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From Empire to Nation

  • Patrick Clawson
  • Michael Rubin
Part of the The Middle East in Focus book series (MEF)

Abstract

Many Middle Eastern and Central Asian states are artificial, their borders haphazardly drawn by British and French and Russian officials in backrooms and chancery gardens in the late nineteenth and early twentieth centuries. These countries’ leaders and schoolbooks often try to foster an artificial narrative of their history, retroactively creating nationalism. Uzbekistan President Islam Karimov, for example, has recast the fourteenth-century leader Amir Timur (Tamerlane) as “father of the Uzbeks.” Saddam Hussein rebuilt the ancient city of Babylon, inscribing bricks with the words, “From Nebuchadnezzar to Saddam Hussein,” in an attempt to tie his state into the great Empire of Babylon.1

Keywords

Religious Minority Islamic World Iranian State East India Company Iranian Culture 
These keywords were added by machine and not by the authors. This process is experimental and the keywords may be updated as the learning algorithm improves.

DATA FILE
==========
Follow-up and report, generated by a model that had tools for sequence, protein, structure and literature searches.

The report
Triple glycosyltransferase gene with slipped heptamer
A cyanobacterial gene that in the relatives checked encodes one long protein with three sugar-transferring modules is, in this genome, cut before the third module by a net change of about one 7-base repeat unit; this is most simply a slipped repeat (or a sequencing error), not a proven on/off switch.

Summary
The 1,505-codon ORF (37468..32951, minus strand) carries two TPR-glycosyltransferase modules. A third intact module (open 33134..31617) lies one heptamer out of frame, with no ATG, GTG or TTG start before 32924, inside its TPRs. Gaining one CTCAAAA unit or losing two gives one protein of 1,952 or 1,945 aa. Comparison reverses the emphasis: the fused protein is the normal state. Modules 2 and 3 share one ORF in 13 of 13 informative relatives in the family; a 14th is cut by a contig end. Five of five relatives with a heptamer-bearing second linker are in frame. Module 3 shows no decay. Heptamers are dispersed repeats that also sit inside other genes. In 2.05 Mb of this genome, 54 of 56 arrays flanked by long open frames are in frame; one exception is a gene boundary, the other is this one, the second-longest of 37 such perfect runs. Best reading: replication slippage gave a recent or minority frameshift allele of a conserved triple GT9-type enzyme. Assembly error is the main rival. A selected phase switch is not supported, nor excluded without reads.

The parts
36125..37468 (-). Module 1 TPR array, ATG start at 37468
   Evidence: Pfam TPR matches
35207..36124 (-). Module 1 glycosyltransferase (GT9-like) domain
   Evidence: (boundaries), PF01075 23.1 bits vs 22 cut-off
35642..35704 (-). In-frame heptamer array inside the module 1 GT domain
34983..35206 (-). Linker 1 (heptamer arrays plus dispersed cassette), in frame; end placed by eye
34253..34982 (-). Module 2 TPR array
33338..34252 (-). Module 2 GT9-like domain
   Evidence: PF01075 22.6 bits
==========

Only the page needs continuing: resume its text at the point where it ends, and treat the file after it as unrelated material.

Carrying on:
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Notes

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  43. 50.
    One useful near-contemporary account is the French traveler Charles Picault, Histoire des Revolutions de Perse pendant la durée du Dix-Huitième Siècle (Tehran: Twenty-Fifth Shahrivar Printing House, 1976).Google Scholar
  44. 51.
    While uneventful, Karim Khan Zand’s reign is addressed in great detail in John R. Perry, Karim Khan Zand: A History of Iran, 1747–1779 (Chicago: University of Chicago Press, 1979).CrossRefGoogle Scholar

Copyright information

© Patrick Clawson and Michael Rubin 2005

Authors and Affiliations

  • Patrick Clawson
  • Michael Rubin

There are no affiliations available

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